The National Railway Museum in York is marking the centenary of the end of the First World War with a display of poppies on the museum’s turntable.
The project with All Saints Church, Pavement in York will see 10,000 handmade poppies displayed on a locomotive which was used to transport soldiers during the First World War.
The poppies were handmade by volunteers and the congregation of All Saints, before being displayed outside the church to mark the 100th anniversary of Armistice Day on 11 November.
Following this installation, the poppies were transported to the National Railway Museum where members of staff attached them to SE & CR Class D locomotive no. 737 which was placed at the centre of the Great Hall’s turntable.
As well as poppies, the museum display will include more than 300 photographs of railway workers who died during the conflict. These are taken from the museum’s Fallen Railwaymen database which records the 20,000 railway workers who were killed in service during the Great War.
Charlotte Kingston, Head of Interpretation and Design at the National Railway Museum said:
“This year as we mark the centenary of the end of the First World War, it is important that we remember those who gave their lives serving in our armed forces.
“The railways were of great importance to the war effort bringing munitions and injured servicemen to and from the front lines and sadly more than 20,000 railway workers died across every profession connected to the railways from firemen to porters and office workers. With this display we will tell the stories of those who died as well as honouring their memory.”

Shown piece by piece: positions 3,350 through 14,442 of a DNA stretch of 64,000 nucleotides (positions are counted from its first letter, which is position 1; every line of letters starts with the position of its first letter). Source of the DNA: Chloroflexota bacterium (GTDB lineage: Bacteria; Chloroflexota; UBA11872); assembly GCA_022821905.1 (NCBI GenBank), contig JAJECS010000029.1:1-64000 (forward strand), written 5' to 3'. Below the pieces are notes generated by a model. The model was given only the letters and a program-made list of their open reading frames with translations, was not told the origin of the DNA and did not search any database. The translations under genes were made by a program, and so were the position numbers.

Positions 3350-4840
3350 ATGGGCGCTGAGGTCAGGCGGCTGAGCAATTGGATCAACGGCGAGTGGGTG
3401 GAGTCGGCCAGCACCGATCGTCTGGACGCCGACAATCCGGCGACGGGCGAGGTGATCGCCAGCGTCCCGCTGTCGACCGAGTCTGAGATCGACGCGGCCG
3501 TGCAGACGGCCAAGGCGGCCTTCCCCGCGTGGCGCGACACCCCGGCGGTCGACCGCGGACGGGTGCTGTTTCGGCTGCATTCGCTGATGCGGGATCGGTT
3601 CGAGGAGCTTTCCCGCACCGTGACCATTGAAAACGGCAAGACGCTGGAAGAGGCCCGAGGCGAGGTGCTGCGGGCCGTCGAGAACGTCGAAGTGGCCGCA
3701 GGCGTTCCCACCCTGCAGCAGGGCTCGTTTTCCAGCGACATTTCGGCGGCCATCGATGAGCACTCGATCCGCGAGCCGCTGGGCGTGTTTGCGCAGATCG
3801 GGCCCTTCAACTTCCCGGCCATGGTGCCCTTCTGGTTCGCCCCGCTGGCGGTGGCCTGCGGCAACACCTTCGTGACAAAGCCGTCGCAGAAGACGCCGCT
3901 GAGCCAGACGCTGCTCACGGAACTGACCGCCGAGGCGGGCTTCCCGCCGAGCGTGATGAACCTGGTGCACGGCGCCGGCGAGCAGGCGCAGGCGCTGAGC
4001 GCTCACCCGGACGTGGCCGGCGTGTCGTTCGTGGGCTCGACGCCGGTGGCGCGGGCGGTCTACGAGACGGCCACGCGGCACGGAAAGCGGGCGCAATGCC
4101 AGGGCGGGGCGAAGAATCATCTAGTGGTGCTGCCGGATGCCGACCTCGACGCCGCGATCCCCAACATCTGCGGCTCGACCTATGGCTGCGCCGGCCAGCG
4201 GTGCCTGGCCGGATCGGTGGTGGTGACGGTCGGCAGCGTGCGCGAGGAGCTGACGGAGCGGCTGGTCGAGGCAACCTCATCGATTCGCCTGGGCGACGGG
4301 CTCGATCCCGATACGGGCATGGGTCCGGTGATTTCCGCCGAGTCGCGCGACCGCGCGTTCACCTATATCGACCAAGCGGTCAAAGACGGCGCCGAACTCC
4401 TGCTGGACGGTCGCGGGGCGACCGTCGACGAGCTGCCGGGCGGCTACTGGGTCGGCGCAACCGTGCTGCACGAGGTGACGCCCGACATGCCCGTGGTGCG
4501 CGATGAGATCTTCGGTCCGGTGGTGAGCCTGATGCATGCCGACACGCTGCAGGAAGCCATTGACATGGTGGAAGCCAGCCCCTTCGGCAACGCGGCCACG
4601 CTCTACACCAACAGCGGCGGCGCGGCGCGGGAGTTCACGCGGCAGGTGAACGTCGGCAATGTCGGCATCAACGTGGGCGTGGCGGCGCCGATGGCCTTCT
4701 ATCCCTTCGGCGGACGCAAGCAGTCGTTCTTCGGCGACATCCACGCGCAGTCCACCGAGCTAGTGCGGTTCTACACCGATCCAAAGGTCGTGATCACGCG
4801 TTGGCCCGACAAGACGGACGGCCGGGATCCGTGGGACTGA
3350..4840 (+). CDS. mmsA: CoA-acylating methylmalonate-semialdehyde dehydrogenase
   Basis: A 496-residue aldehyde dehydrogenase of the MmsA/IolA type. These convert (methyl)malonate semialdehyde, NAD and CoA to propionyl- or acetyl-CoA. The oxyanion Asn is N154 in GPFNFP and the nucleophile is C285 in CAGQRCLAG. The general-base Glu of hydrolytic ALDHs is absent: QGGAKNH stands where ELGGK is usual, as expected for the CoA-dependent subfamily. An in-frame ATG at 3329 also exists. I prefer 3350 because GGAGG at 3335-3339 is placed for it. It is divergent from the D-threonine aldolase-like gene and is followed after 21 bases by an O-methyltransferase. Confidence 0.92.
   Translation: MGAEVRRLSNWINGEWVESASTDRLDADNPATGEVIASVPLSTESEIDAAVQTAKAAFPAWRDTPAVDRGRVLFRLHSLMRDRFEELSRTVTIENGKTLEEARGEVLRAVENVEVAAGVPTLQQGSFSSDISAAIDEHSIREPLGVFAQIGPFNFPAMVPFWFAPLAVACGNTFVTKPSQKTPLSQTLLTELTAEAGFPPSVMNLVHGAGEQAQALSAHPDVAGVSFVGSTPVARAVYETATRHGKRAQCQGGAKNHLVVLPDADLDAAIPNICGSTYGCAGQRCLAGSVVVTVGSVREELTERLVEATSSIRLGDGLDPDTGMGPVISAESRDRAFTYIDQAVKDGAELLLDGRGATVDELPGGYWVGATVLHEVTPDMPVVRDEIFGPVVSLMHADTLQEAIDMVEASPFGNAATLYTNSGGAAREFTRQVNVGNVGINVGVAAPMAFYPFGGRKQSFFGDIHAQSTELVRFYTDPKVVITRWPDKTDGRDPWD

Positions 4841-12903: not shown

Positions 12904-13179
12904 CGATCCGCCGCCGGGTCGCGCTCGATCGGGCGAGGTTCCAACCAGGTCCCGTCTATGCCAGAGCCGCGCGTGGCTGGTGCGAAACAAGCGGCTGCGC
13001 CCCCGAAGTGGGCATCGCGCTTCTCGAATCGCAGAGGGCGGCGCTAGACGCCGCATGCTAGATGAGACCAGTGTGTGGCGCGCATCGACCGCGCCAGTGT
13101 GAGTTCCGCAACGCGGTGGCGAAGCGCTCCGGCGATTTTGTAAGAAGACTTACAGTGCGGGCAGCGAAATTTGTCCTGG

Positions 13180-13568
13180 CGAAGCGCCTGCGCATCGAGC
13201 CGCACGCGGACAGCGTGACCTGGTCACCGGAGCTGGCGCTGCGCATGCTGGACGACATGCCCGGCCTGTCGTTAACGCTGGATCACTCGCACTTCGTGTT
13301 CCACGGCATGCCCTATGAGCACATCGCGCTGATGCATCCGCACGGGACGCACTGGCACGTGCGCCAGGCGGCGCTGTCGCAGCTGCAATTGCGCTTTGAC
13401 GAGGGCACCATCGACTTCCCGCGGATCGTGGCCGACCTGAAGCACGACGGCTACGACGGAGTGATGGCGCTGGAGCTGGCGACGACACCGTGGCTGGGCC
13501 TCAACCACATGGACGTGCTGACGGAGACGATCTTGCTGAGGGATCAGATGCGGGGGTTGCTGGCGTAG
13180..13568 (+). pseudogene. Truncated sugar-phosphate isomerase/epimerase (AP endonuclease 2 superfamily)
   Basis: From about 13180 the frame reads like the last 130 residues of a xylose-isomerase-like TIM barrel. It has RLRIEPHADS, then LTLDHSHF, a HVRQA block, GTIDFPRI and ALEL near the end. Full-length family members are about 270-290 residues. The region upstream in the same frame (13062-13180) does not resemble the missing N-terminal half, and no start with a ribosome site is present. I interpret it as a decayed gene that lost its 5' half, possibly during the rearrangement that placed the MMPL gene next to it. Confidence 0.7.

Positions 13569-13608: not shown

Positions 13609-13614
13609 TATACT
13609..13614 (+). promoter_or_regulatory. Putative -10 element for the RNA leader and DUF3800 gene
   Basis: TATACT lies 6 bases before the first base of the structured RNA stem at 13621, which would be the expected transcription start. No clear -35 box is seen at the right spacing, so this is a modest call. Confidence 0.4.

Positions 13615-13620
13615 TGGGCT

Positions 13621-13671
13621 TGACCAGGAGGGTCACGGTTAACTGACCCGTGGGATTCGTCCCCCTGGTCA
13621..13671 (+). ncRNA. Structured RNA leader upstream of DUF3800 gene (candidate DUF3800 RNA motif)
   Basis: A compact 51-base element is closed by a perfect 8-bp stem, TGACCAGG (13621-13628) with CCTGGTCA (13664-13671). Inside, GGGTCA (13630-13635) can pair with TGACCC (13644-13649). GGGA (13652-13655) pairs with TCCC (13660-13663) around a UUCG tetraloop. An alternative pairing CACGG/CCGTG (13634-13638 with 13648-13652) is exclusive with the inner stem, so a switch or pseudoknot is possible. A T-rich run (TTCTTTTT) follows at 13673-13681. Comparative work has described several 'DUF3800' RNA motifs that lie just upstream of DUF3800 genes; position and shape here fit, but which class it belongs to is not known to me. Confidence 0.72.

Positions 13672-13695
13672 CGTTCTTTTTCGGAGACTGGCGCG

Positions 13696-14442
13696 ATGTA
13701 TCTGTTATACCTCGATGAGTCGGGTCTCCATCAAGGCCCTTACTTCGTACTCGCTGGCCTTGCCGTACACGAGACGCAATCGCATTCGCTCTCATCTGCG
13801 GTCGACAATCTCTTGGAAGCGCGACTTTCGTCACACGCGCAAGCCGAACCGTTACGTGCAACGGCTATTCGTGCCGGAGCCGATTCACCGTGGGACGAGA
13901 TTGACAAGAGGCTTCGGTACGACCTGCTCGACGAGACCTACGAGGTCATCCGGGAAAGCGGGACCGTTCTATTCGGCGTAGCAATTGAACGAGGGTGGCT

The poppies are on display now and will be at the museum until the end of November.
The Fallen Railwaymen database has been compiled by the National Railway Museum’s archive team and a group of dedicated volunteers over the last ten years and it records the important contribution of railwaymen during the war.
The database is free to access on the dedicated Fallen Railwaymen website: documents over 200 railwaymen from York who died during the conflict. It was created from several sources including the North Eastern Railway’s roll of honour which
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Notes to Editors
- The National Railway Museum in York has the largest collection of railway objects in the world and attracts more than 750,000 visitors per year
- The collection includes over 260 locomotives and rolling stock, 600 coins and medals as well as railway uniform and costume, equipment, documents, records, artwork and photographs
- The National Railway Museum forms part of the Science Museum Group, along with the Science Museum in London, the Science and Industry Museum in Manchester, the National Science and Media Museum in Bradford and Locomotion in Shildon
- Admission to the National Railway Museum is free, for more information visit: